When I was a first grader my teacher did a unit on eggs. She somehow got her hands on an incubator and some chicken eggs. She kept them on a short counter in the classroom. For 21 days we kept track of what the inside of the eggs were looking like. We drew pictures and wrote stuff down--it was stapled together in a little booklet. And sure enough on day 21 they hatched (except for one "dud"). It was truly one of the most memorable experiences I had as a child.
It'd require a little prep work, finding a farm and incubator, but SOO worth it.
Here's an activity that my kids loved. It demonstrates how eggs are very strong yet thin enough for the chick (or other bird) to emerge. If you've read my posts on the now-quite-forgotten evolution vs. creation thread, you know that I am a creationist and this is one activity I use to show evidence of a creator by showing how the egg is just the perfect thickness and shape for what it has to do. So, if you have the liberty (ie. at Christian school) to add in "aren't they created well?" all the better.
However, without a philosophical bent, the activity is still a blast. Your comment will probably be, "Wow, they are strong, yet the chick can still get out."
Anyway, get three raw eggs (from the grocery store, these aren't for hatching!) and six plastic bottle caps like you find on bottled water or pop bottles. Also get some paper towels and some cleaner (even hand soap and water is okay) because this is slightly messy.
Arrange three of the bottle caps upside down (so that they look like little cups) on a table in a triangle about 6" or so apart. Put one egg in each cap, the tall way (so it's as tall and narrow as can be, not the short and wide way!). Then put a bottle cap right side up on each egg. The bottle caps don't add any strength, all they do is provide a transition between the flat table and the round eggs (or the round eggs and the books).
Now, the fun part, start stacking big hardcovered books on these three eggs. We always weigh the books as we add them. The last time we did this, we got 72.5 pounds of books stacked on these three eggs before they broke.
Then you can have a fun discussion about the shape of eggs and about birds hatching, etc.
You can also shine a light through a raw egg.
You can also spin both a raw egg and a hard boiled egg. The raw one wobbles and the hard boiled spins evenly. This is due to the sloshing in the raw one!
Another cool thing you can do is put two raw eggs (one fresh and one pretty old -- save one in the frig for a few months if you have time) in a pan of water. The old one, which has lost some of its mass to evaporation (the shells are actually a tad porous) floats while the fresh one is still dense and it floats.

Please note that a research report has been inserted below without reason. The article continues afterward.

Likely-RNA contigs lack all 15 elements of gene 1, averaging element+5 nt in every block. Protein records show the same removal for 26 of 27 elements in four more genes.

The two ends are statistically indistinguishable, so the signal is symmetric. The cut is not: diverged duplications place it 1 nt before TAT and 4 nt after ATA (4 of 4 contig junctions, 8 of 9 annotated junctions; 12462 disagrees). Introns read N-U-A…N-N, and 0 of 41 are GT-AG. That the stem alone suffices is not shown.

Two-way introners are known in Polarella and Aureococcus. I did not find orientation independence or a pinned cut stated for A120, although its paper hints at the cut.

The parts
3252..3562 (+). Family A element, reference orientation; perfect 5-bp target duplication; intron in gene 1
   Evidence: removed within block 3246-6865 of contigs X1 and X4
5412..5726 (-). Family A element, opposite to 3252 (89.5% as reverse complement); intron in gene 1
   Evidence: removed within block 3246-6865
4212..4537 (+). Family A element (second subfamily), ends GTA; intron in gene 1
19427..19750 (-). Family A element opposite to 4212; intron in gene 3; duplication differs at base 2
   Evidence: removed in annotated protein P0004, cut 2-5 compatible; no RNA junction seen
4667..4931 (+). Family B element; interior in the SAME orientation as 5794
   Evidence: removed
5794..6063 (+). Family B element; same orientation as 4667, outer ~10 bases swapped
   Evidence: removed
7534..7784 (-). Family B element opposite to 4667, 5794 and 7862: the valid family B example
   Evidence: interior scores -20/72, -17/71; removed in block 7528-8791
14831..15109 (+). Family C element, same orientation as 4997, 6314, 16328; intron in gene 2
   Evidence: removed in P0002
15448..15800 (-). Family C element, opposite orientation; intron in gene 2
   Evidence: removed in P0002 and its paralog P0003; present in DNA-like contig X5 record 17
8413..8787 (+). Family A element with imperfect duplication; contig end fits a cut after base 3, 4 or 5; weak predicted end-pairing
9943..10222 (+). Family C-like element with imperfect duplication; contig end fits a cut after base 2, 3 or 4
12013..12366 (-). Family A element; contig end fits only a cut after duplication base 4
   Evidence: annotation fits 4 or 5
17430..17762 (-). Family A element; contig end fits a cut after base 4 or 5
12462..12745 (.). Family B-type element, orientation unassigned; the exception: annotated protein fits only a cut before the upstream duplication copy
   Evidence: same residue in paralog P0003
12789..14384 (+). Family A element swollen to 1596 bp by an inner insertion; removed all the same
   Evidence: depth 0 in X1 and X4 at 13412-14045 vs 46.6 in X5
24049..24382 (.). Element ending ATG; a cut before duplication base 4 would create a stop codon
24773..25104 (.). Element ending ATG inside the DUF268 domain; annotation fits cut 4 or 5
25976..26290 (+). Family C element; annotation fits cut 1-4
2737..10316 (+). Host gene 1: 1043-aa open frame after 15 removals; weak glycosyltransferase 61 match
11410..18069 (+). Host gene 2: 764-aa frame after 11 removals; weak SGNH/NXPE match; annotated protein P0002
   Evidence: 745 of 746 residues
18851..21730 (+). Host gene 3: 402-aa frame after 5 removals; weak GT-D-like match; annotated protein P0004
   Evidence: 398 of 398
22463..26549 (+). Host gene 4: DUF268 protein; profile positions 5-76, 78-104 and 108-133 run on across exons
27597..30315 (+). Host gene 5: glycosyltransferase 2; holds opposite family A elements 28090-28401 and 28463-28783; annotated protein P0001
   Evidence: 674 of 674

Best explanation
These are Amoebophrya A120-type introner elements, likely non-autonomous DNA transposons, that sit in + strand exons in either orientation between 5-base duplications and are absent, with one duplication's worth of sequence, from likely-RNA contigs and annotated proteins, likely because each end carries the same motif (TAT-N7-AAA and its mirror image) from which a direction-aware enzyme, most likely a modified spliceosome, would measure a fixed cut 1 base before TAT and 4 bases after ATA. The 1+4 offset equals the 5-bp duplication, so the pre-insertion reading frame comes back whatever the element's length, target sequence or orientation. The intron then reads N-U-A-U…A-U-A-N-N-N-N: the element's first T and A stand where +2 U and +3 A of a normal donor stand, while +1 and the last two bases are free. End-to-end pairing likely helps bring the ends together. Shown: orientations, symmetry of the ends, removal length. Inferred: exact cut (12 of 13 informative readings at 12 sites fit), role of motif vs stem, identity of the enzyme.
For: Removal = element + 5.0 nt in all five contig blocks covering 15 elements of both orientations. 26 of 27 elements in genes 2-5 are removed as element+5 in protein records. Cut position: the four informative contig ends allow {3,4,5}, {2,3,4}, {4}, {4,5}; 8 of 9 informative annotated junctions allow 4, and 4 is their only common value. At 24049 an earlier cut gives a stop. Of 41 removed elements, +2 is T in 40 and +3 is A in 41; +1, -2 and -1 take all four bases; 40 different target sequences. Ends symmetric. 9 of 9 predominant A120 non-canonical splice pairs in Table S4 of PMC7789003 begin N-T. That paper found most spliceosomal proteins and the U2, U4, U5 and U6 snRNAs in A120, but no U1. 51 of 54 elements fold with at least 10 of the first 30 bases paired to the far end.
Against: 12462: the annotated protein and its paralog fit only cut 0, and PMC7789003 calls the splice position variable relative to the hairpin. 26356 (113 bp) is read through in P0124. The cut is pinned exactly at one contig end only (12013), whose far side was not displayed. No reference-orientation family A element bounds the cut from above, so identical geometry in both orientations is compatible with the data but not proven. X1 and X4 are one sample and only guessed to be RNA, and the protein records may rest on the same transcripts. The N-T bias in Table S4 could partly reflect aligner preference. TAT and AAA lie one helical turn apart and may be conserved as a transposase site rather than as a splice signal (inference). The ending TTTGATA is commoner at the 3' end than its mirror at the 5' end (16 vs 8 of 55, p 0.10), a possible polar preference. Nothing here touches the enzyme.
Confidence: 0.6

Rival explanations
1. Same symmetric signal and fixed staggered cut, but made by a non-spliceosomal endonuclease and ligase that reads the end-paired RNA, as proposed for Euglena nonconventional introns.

You can also float a raw egg in water. Start by putting the egg in a tall glass of tap water. It should sink. Slowly add lots of salt to the glass (remove the egg so you can stir the water easily) and you'll be able to float the egg because salt water is denser than fresh water.
There's also science (is it long chain polymers??? It's been such a long time) in beaten egg whites (like making a meringue). You might want to do a websearch on this and then beat some whites and discuss why they are different than the unbeaten whites and why you can go from slimy unbeaten whites to foamy beaten whites but you can't go back. Once they are beaten, they stay that way. I honestly forget the science behind it but it's interesting.
A friend of mine just taught her kids about Faberge and the eggs he made. Then, she provided them with wooden eggs from the craft store and paint and sequins and ribbons. They really made some beautiful eggs! This is a great art activity for all ages (and all faiths, since it's an artist study).
I'm glad you teach at a Catholic school so that you can add a nice little comment about how nicely God made eggs. You can also mention to your little ones that people start out as a very different kind of egg and right when it starts growing into a baby, before Mom and Dad even know it's growing, there is enough information about that baby to fill 500,000 printed pages! Eggs (human, chicken, or otherwise) are very complex and wonderfully made.
I don't know if you are concentrating on chicken eggs only, but there is a great book called "Chickens Aren't the Only Ones" by Ruth Heller. It talks about all the different animals/insects that lay eggs. After reading it , I make a "step" book called Seven Sensational Eggs. (idea is from an old Mailbox magazine) It starts: On Sunday, out hatched a____. Next page says: On Monday, out hatched a _______. The kids draw and label a different animal/insect/bug for each day of the week. I have also cut out large egg shapes that the children cut in half with a zigzag line. I attach one side with a brad so the egg can be opened. They decide what animal will be inside the egg. We share them with the class and they try to guess what's in the egg. (I have them give clues)